Conference Coverage

New DES hailed for smallest coronary vessels



– The first multicenter, prospective trial of a drug-eluting stent designed specifically to treat lesions in coronary vessels less than 2.25 mm in diameter showed excellent outcomes, with a 1-year target lesion failure rate of 5% for the Resolute Onyx 2.0 mm diameter zotarolimus-eluting stent.

This result in the pivotal trial easily surpassed the prespecified performance goal of a 19% target lesion failure rate, Matthew J. Price, MD, reported at the annual congress of the European Association of Percutaneous Cardiovascular Interventions.

Dr. Matthew J. Price, director of the cardiac catheterization laboratory at the Scripps Clinic in La Jolla, Calif. Bruce Jancin/Frontline Medical News

Dr. Matthew J. Price

“This dedicated size in Onyx really fills an important unmet clinical need because at present there are no great options to treat extremely small obstructed vessels,” added Dr. Price, director of the cardiac catheterization laboratory at the Scripps Clinic in La Jolla, Calif. “I think we can rest assured that this will be an important tool in our armamentarium for extremely small vessels.”

Hemodynamically significant lesions in such small vessels are “not uncommon, particularly in diabetic patients,” Dr. Price said in an interview. Indeed, 47% of patients in the clinical trial had diabetes.

At present, the only ways to treat coronary disease in arteries having a reference vessel diameter less than 2.25 mm are off-label placement of an oversized stent, with its attendant risk of complications; standard balloon angioplasty, which entails a particularly high restenosis rate in this setting; or medical management, the cardiologist noted.

He presented a multicenter, prospective, open-label, single-arm trial of 101 patients with documented ischemia-producing obstructions in coronary arteries having a reference vessel diameter less than 2.25 mm, a lesion length less than 27 mm, and evidence of ischemia attributable to the lesion, typically via fractional flow reserve. The mean diameter by quantitative coronary angiography was 1.91 mm.

The primary endpoint was the rate of target lesion failure at 12 months, a composite comprising cardiac death, target vessel MI, or clinically driven target lesion revascularization. This endpoint occurred in 5% of patients. There was a 3% target vessel MI rate and a 2% target lesion revascularization rate. There were no cardiac deaths.

“Importantly, the stent thrombosis rate in these patients with extremely small vessels was zero,” the cardiologist emphasized.

The mean angiographic in-stent late lumen loss at 13 months was 0.26 mm, which Dr. Price characterized as “quite good.” The in-segment binary angiographic restenosis rate was 20%.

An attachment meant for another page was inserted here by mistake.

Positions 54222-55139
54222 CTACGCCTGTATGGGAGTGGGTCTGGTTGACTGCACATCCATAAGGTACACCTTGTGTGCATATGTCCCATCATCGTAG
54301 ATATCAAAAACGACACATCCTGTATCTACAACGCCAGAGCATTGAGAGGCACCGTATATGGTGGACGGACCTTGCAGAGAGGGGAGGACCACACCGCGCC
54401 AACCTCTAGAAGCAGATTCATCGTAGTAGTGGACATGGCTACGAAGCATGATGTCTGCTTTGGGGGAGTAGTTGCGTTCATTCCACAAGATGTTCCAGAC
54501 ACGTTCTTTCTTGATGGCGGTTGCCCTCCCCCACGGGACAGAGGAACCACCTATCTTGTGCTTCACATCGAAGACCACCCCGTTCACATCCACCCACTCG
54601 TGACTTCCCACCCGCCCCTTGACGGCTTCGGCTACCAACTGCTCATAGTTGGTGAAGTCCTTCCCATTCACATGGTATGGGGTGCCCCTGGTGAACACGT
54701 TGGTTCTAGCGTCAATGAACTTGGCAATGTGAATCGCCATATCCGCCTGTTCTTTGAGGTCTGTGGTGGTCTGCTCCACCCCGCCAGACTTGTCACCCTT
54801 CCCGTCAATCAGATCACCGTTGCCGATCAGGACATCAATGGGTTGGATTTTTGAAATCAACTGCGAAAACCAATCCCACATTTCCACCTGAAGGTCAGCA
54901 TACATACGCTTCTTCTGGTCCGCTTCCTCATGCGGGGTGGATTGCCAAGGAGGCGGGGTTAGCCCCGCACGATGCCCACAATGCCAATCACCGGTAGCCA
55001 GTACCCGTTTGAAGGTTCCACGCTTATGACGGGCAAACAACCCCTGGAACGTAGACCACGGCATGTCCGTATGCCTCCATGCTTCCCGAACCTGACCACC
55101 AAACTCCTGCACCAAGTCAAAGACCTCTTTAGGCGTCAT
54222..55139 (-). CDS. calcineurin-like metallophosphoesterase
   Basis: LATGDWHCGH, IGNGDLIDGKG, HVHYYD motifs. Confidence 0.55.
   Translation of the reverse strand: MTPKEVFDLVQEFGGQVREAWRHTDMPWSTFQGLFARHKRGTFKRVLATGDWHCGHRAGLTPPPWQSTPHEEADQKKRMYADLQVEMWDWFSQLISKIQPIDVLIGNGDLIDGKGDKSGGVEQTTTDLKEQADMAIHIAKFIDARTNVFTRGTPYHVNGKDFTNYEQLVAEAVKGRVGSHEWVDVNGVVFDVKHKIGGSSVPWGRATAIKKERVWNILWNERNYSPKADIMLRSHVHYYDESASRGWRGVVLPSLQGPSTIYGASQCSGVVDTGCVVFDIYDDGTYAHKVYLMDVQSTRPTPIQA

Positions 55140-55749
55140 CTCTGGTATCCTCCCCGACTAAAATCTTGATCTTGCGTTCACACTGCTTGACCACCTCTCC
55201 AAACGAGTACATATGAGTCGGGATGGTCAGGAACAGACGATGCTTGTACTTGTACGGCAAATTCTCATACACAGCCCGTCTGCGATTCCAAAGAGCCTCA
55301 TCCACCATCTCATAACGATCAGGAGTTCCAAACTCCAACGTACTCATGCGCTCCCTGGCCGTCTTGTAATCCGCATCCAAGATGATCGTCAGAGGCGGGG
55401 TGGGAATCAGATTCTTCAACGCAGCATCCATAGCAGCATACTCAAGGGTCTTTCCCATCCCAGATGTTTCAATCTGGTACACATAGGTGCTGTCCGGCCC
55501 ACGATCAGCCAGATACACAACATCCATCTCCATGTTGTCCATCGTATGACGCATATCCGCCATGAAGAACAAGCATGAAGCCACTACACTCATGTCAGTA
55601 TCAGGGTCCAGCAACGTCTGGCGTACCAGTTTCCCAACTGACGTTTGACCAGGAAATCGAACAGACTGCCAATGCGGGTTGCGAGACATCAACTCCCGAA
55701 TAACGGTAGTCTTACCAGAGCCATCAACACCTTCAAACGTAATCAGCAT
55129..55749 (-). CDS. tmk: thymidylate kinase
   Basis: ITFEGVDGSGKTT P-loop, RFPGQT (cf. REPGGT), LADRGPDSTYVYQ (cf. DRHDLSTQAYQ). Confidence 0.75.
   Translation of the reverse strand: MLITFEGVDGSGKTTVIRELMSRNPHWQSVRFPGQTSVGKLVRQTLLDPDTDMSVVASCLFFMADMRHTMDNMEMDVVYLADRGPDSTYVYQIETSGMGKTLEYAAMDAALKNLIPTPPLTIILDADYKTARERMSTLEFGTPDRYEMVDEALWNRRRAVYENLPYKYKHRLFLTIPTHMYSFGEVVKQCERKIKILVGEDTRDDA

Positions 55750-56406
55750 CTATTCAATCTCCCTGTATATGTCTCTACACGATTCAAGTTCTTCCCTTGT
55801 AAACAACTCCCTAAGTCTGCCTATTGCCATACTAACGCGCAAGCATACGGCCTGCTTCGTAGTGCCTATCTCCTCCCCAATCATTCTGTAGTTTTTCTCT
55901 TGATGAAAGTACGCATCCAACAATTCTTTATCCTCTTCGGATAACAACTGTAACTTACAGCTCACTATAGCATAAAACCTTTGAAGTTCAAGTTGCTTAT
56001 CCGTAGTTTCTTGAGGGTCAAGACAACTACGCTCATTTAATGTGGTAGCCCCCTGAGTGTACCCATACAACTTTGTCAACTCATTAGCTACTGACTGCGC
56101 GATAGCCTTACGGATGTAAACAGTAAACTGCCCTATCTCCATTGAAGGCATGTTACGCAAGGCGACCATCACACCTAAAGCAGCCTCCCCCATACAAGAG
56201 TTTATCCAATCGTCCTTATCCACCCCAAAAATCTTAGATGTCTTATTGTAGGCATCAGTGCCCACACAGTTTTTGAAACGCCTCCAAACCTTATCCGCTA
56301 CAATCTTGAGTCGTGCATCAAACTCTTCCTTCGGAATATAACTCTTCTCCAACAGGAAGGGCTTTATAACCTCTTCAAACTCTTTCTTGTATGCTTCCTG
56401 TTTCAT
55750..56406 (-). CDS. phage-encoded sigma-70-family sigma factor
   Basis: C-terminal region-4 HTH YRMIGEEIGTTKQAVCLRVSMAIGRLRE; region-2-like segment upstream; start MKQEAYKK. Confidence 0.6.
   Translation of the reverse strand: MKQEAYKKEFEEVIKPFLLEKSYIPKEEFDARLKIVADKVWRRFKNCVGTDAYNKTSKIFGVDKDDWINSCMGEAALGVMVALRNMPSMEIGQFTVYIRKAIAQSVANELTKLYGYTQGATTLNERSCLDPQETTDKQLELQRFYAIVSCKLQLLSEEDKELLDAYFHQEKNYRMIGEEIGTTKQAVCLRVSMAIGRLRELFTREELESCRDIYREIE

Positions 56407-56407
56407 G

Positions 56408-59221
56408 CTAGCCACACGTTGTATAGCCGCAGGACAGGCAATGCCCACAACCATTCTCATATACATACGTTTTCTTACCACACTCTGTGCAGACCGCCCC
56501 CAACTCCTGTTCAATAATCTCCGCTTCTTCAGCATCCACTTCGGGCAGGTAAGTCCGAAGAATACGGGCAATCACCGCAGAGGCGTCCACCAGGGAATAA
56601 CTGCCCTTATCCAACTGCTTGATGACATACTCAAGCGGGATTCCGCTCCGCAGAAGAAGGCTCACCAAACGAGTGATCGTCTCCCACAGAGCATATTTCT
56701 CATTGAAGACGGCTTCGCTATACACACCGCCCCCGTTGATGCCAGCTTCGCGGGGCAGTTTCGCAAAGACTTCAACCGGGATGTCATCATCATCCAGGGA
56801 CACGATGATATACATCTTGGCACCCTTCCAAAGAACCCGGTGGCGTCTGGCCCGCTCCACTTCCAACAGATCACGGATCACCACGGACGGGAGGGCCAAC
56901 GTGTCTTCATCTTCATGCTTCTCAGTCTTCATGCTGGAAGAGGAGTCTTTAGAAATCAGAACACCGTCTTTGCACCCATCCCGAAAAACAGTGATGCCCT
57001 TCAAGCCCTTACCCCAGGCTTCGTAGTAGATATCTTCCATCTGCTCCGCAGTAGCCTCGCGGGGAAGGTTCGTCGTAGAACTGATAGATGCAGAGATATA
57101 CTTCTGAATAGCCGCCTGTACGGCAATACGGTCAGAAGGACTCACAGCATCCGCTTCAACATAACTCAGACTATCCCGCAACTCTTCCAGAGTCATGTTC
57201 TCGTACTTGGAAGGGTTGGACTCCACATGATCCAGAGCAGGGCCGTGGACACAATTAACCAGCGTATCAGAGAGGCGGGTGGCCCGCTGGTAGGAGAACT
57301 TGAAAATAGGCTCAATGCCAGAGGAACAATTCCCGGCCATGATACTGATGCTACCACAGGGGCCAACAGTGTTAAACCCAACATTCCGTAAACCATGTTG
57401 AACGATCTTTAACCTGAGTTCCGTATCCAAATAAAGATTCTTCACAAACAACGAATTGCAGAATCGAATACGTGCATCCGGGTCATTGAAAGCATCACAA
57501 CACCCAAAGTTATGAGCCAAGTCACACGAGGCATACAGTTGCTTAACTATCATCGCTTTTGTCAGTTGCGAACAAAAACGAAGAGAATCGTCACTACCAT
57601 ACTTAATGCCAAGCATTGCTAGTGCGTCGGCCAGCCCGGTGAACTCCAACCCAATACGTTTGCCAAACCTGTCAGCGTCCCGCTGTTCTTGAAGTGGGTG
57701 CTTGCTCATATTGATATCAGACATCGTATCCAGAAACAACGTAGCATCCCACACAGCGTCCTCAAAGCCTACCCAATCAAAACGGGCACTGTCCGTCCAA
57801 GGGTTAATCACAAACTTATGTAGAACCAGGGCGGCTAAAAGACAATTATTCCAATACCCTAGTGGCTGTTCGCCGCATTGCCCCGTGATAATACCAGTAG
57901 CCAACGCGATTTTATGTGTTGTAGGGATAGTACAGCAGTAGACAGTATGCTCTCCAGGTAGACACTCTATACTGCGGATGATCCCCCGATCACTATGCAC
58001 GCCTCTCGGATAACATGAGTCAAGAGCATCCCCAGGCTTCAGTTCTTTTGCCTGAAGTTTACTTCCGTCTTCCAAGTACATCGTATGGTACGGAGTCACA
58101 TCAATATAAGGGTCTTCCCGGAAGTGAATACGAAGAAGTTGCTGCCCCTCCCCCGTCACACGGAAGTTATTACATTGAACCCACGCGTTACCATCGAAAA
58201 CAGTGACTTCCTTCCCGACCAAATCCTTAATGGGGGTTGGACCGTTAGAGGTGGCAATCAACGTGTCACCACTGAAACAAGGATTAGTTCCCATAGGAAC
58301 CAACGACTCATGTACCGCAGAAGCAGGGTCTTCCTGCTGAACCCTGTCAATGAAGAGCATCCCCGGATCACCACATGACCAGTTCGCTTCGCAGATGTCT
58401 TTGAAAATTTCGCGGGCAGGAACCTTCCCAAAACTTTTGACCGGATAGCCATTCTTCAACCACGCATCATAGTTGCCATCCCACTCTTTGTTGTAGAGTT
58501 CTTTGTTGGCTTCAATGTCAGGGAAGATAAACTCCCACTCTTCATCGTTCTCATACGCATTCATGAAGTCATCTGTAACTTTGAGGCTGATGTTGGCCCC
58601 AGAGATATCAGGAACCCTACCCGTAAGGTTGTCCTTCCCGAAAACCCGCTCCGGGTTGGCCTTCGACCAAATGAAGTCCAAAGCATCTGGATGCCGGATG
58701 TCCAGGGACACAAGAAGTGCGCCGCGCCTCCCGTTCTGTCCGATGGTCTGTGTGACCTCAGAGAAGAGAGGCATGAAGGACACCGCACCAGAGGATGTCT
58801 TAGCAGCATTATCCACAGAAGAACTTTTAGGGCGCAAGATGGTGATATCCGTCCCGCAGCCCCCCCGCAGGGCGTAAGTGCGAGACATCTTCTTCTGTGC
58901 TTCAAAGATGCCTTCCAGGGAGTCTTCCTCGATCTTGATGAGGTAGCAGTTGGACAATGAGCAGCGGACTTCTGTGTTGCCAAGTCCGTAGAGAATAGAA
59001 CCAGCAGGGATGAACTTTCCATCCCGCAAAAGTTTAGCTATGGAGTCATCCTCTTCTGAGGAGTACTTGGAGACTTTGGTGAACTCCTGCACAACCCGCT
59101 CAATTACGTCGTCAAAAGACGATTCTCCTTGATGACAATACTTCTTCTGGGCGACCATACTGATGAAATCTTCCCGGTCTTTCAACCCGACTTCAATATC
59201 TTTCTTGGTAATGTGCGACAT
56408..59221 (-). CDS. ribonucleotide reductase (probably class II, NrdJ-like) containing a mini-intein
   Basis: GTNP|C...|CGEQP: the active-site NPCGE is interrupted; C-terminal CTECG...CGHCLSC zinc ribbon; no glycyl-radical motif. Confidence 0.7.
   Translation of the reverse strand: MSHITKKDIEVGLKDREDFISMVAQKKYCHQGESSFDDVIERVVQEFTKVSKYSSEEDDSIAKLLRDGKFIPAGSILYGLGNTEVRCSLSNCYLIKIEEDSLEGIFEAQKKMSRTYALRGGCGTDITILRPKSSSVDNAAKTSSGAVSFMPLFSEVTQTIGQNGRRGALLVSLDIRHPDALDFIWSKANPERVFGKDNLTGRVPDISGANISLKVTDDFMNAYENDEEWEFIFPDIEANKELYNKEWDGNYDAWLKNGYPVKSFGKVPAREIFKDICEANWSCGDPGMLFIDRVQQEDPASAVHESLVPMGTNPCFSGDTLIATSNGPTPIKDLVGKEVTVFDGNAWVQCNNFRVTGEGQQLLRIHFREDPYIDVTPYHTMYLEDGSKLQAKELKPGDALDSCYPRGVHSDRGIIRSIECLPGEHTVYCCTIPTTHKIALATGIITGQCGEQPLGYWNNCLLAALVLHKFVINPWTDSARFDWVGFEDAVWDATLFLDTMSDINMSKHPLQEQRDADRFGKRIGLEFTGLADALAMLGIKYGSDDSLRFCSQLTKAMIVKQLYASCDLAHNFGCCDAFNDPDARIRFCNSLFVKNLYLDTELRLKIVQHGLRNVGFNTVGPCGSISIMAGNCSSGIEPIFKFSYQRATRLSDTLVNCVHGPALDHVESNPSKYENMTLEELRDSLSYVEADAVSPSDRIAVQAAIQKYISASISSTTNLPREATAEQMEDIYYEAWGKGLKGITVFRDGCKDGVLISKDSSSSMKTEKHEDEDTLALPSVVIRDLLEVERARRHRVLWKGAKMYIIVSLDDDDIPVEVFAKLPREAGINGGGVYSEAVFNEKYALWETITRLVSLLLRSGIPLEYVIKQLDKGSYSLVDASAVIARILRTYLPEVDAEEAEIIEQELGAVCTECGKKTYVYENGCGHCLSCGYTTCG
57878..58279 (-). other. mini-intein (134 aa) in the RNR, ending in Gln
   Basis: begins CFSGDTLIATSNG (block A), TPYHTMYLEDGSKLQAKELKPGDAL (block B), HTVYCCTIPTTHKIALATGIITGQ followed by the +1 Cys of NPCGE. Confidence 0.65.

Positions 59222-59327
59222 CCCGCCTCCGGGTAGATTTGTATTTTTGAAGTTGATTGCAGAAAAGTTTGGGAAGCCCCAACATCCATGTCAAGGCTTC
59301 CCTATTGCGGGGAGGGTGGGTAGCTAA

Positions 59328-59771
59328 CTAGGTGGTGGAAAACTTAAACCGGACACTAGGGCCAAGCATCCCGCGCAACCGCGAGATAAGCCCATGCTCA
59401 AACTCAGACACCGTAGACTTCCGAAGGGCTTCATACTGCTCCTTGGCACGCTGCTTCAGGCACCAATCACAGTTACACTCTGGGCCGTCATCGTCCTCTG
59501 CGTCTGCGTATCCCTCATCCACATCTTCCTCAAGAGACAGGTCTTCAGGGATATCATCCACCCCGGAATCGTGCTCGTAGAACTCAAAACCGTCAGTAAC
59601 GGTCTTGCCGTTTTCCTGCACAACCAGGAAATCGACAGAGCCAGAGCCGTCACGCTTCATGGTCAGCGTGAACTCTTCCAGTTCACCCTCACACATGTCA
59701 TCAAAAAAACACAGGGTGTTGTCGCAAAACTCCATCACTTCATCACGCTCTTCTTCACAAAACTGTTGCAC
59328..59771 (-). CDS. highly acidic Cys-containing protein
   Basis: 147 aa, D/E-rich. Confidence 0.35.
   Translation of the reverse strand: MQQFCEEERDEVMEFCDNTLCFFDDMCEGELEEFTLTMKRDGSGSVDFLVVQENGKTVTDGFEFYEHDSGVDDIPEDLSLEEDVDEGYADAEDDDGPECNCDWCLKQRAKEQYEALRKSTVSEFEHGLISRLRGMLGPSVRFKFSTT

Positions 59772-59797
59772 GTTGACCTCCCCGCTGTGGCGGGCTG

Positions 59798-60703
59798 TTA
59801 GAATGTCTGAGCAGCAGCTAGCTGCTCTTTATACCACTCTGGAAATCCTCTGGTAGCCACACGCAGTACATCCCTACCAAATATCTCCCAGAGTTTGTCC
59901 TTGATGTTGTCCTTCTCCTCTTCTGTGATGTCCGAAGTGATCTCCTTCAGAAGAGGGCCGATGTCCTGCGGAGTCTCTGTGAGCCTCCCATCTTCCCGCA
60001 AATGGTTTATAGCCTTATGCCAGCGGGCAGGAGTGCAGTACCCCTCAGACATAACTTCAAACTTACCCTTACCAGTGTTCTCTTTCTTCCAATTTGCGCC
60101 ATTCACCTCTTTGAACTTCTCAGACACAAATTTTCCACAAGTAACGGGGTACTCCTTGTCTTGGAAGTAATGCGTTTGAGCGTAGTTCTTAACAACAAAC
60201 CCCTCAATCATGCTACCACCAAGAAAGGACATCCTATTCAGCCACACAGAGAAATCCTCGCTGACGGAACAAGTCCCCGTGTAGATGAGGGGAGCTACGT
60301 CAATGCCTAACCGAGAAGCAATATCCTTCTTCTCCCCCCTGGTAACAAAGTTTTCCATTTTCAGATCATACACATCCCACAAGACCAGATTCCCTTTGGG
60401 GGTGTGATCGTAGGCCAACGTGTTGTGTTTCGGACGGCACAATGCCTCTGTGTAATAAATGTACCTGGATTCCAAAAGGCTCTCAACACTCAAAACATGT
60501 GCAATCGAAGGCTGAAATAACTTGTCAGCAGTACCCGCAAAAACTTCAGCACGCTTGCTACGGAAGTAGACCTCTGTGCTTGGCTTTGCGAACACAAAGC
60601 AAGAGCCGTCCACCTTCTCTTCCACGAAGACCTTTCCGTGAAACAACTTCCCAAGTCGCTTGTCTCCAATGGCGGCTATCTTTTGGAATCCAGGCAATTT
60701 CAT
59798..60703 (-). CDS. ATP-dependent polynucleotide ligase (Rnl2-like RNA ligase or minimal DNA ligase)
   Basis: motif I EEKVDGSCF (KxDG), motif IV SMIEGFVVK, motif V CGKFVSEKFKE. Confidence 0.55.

“That’s slightly higher than you would expect to see in vessels with larger reference diameters. I think that’s because of the lack of headroom. You have a very small vessel, and, even with a very small stent, even a small amount of late loss will give you a larger percent diameter restenosis over time,” he explained.

The 19% target lesion failure rate selected as a performance goal in the trial was set somewhat arbitrarily. It wasn’t possible to randomize patients to a comparator arm because there are no approved stents for vessels less than 2.25 mm in diameter. The 19% figure was arrived at in discussion with the Food and Drug Administration on the basis of similarity to the performance goal used in clinical trials to gain approval of 2.25-mm, drug-eluting stents. Because the Onyx 2.0-mm-diameter trial was developed in collaboration with the FDA and the stent aced its primary endpoint and showed excellent clinical outcomes, Dr. Price anticipates the device will readily gain regulatory approval. In April 2017, the FDA approved the Resolute Onyx in sizes of 2.25- to 5.0-mm diameter.

The study met with an enthusiastic reception.

“That was terrific. It’s clearly an incredibly important unmet clinical need,” commented session cochair David R. Holmes Jr., MD, of the Mayo Clinic in Rochester, Minn.

Assuming the stent is approved, how should interventionalists put it into practice? he asked.

Dr. Price replied that, first, it’s important to step back and ask if percutaneous coronary intervention of a particular lesion in a very small coronary artery is clinically indicated. The stent itself is readily manipulatable. It is a thin-strut device constructed of a single strand of a cobalt alloy with enhanced radiopacity.

Investigators in the trial used the standard approach to dual antiplatelet therapy – at least 6 months, with 12 months preferable.

The 20% in-segment binary restenosis rate at 13 months provides a clear message for interventionalists, he continued. “What this tells me is that, while this is a very good stent, we can’t forget to treat the patient aggressively with medical therapy to stop the progression of prediabetes, diabetes, and small vessel disease in addition to treating obstructive lesions with a small stent.”

Asked if the lack of headroom in these extra-small arteries warrants liberal use of intraprocedural imaging to make sure the stent is perfectly apposed, Dr. Price replied that he doesn’t think so. He noted that intravascular ultrasound and optical coherence tomography were seldom used in the trial, yet the results were reassuringly excellent.

The study results were published simultaneously with Dr. Price’s presentation (JACC Cardiovasc Interv. 2017 May 17. doi: 10.1016/j.jcin.2017.05.004). The trial was sponsored by Medtronic. Dr. Price reported serving as a consultant and paid speaker on behalf of that company, as well as AstraZeneca, Boston Scientific, St. Jude Medical, and The Medicines Company.

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